Thursday 17 April 2014

What Spirituality is Not

Having discussed in an earlier post what spirituality is I thought it might be interesting here to take a look at what it is not because much is called spirituality nowadays that is really just a man-made imitation of it. This has a lot to do with the fading away of traditional religions with nothing coming up to replace them. Or rather, there is plenty to replace them but virtually all of it springs from human invention and experience. Thus it is man rather than God-centred and, while it might seem spiritual to those whose understanding of life and conscious awareness has hitherto been restricted to the physical plane, it lacks the sacred quality that would lift it above the merely human. There is very little that emanates from the true spiritual world and could be called in any way divinely inspired. As a consequence, spirituality today often means bringing the divine down to the human level instead of raising the human up to the divine level. Rather than looking to the heavens, and trying to conform ourselves to what is beyond ourselves, we think we can fit the heavens inside our own little heads.

So we are left with religions that are dying (I don't mean in terms of having fewer adherents but because they have lost much of their spiritual power), and replacements for these religions which are either designed from the limited experience of individual human beings or else put together as a composite from odds and ends ransacked from the psychic store cupboard of history. In both cases you have forms of spirituality constructed from the bottom up (the reverse of what should be), and with no input from the Creator, which may be why they often try to get by without Him.

Hence the world today is largely rudderless, spiritually speaking, and that leaves room for all kinds of misinterpretations as to what spirituality actually is. 'From the unreal lead us to the real' 
says the ancient Vedic prayer. The unreal affects approaches to the real, to the spiritual, just as much as it obscures it. Let us examine some of the ways in which it does this.

Spirituality is not the search for personal happiness or fulfilment still less health or, heaven help us, prosperity. It has no relation to the desires or even perceived needs of the self, that is, the so-called natural self or ego. All of that is obvious, and yet it is not unusual to find people who see spirituality as something to be acquired or possessed as one would anything else one wanted, and who approach it largely in terms of benefits to themselves. Now, that doesn't mean that our spiritual search will not have benefits but if we seek for our own sake, instead of being motivated by the legitimate desire to go beyond the barrenness of a self we recognise as being fundamentally empty and not the centre of our true being, we most assuredly will not find. At least, we may find something, or think we do, but it will not be God which is the only thing really worth looking for.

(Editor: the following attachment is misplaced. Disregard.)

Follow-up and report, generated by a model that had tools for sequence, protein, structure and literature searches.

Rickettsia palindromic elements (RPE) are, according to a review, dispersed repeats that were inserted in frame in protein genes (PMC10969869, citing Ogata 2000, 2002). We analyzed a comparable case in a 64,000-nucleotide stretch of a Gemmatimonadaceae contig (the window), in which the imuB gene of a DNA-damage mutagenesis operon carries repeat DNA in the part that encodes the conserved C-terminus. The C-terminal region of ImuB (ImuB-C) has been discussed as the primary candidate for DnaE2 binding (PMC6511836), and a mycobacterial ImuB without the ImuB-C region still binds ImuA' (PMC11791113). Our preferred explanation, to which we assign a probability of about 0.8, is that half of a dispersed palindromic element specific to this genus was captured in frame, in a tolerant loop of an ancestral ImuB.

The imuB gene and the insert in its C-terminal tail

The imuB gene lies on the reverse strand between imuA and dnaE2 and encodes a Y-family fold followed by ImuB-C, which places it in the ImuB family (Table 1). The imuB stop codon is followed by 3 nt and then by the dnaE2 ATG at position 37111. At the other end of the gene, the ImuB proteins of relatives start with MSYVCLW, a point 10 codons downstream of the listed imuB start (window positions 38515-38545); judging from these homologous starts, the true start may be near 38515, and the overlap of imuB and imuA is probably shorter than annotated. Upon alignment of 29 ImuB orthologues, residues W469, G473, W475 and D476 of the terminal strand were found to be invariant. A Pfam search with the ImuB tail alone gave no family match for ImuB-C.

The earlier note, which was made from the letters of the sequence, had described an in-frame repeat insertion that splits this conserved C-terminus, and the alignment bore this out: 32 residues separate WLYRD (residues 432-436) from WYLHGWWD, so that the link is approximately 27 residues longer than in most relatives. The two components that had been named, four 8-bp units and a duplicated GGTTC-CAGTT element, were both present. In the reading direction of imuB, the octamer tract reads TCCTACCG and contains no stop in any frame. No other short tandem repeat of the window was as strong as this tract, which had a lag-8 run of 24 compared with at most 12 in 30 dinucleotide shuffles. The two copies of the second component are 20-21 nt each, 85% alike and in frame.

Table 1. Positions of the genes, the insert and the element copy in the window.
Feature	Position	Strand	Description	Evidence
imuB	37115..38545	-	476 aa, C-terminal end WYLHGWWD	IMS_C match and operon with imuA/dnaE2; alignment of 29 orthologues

Spirituality is not connected to the pursuit of enlightenment. The idea of enlightenment is a major obstacle on the path and it would be a great help for seekers in the West if they forgot all about it. I mean this quite seriously. One of the most persistent illusions of the last century is that we can reach a state of full and permanent self-realisation in this life. There is no supreme, ultimate state that can be attained whilst in the physical body. There is no point at which you can say “I have achieved all that can be achieved and have become completely one with the absolute”. Yes, there are certainly experiences of unity, and there are high levels of insight and attunement to spiritual truth available to the disciple in this world, but you always come back to yourself. The idea of the enlightened guru who has completely transcended ego and is totally one with pure awareness is a myth, albeit one that has ensnared many students and even teachers whose spirituality is goal and therefore self-orientated.